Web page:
The Succession Act 1981 provides that a Will is revoked upon the marriage of the Willmaker. There are, however, two main exceptions to the rule that a Will is revoked upon marriage. The first is that any gift made specifically to your spouse will not be revoked. Secondly, if you appointed your spouse to be the Executor of your Will, that appointment will not be revoked.
Because of this general rule that a Will is revoked upon marriage, there is a risk that any gifts you have made to any children, family members or friends will fail. If you have not appointed your spouse to be your Executor, your estate may be administered by The Public Trustee of Queensland. Further, if you have not made provision for your spouse, your Will is likely to be distributed according to the intestacy rules, which are usually different to what people wish to achieve in their Wills.
How Do You Prevent Revocation of Your Will?
The Succession Act 1981 provides that where a Will is made in contemplation of marriage, a Will is not revoked by the marriage of the Willmaker. There are a number of ways a testator can make a Will in contemplation of marriage.
First, your Will does not need to specify that you are contemplating marriage. However, if you were to make a Will prior to marriage, and die before updating your Will, it would be up to the Court to determine whether you did, in fact, contemplate getting married to your spouse. The Court will generally only make this decision by reference to the terms of your Will and the evidence your Executor can produce to prove you genuinely contemplated your marriage to that person.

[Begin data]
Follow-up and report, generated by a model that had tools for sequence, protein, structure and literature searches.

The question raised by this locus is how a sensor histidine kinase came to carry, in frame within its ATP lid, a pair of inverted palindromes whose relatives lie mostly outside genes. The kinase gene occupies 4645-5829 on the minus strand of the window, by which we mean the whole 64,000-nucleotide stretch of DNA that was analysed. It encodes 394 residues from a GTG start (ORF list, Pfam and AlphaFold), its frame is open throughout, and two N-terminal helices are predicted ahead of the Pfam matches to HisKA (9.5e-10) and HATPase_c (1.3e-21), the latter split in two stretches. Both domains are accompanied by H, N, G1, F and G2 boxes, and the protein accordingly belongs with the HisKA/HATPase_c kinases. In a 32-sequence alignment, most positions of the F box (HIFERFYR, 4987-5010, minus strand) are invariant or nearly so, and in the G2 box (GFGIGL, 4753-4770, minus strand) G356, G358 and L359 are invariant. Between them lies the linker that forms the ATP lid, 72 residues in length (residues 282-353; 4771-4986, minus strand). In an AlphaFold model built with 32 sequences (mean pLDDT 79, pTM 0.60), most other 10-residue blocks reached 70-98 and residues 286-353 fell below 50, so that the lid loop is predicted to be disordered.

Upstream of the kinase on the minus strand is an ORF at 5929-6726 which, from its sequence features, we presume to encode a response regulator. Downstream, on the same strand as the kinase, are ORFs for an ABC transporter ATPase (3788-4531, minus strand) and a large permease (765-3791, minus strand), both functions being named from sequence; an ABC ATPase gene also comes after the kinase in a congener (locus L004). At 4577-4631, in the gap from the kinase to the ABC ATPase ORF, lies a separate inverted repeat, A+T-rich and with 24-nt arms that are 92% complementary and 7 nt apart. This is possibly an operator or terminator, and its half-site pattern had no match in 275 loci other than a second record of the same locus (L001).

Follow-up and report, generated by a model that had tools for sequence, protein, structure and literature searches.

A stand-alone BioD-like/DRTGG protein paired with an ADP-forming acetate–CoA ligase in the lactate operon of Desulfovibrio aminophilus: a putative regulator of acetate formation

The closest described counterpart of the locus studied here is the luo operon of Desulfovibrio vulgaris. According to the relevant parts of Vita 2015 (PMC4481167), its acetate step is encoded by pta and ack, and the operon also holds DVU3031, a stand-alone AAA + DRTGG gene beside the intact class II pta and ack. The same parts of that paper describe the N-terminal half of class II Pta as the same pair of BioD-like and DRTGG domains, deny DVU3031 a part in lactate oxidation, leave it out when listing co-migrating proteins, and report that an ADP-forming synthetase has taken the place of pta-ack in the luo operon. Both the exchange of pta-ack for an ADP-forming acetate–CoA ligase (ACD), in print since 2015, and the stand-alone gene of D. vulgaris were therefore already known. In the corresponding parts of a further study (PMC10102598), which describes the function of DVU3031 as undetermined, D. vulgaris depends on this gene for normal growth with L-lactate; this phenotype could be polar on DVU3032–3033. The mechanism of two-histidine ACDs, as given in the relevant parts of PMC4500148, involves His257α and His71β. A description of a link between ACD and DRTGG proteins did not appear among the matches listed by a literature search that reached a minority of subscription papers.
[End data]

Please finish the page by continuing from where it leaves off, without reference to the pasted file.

The Courts have been reluctant to find that a Will was made in contemplation of marriage without clear evidence in the Will. The leading cases in this area have required the Willmaker refer to their fiancé as their husband or wife, as the case may be, before the marriage has taken place. Referring to your spouse as your fiancé in a pre-marriage Will has not been sufficient to prove a Will was made in contemplation of marriage.
Secondly, a Willmaker can include a particular clause in their Will which provides that the Will is made in contemplation of their marriage to a particular person. This will prevent your Will from being revoked upon your marriage.
Finally, the legislation provides that a Will is not revoked upon the marriage of the Willmaker if the Will is expressed to be made in contemplation of marriage generally. This type of clause does not require a Willmaker to be contemplating any particular marriage, but will prevent the Will from being revoked upon the marriage of the Willmaker.
The inherent risk in drafting a Will in contemplation of marriage generally is that the Will is not updated after marriage at a later date. In the worst of cases, an earlier Will may make no provision of your spouse upon your death.
In these circumstances, your current spouse would have no choice but to make an application to the Court for further and better provision from your estate. This is a long and expensive process that usually substantially depletes the assets of the estate.
If you and your partner are considering marriage, we recommend you start the process of updating your estate planning as early as possible. By planning in advance, you can make informed decisions about how to distribute your estate as effectively as possible.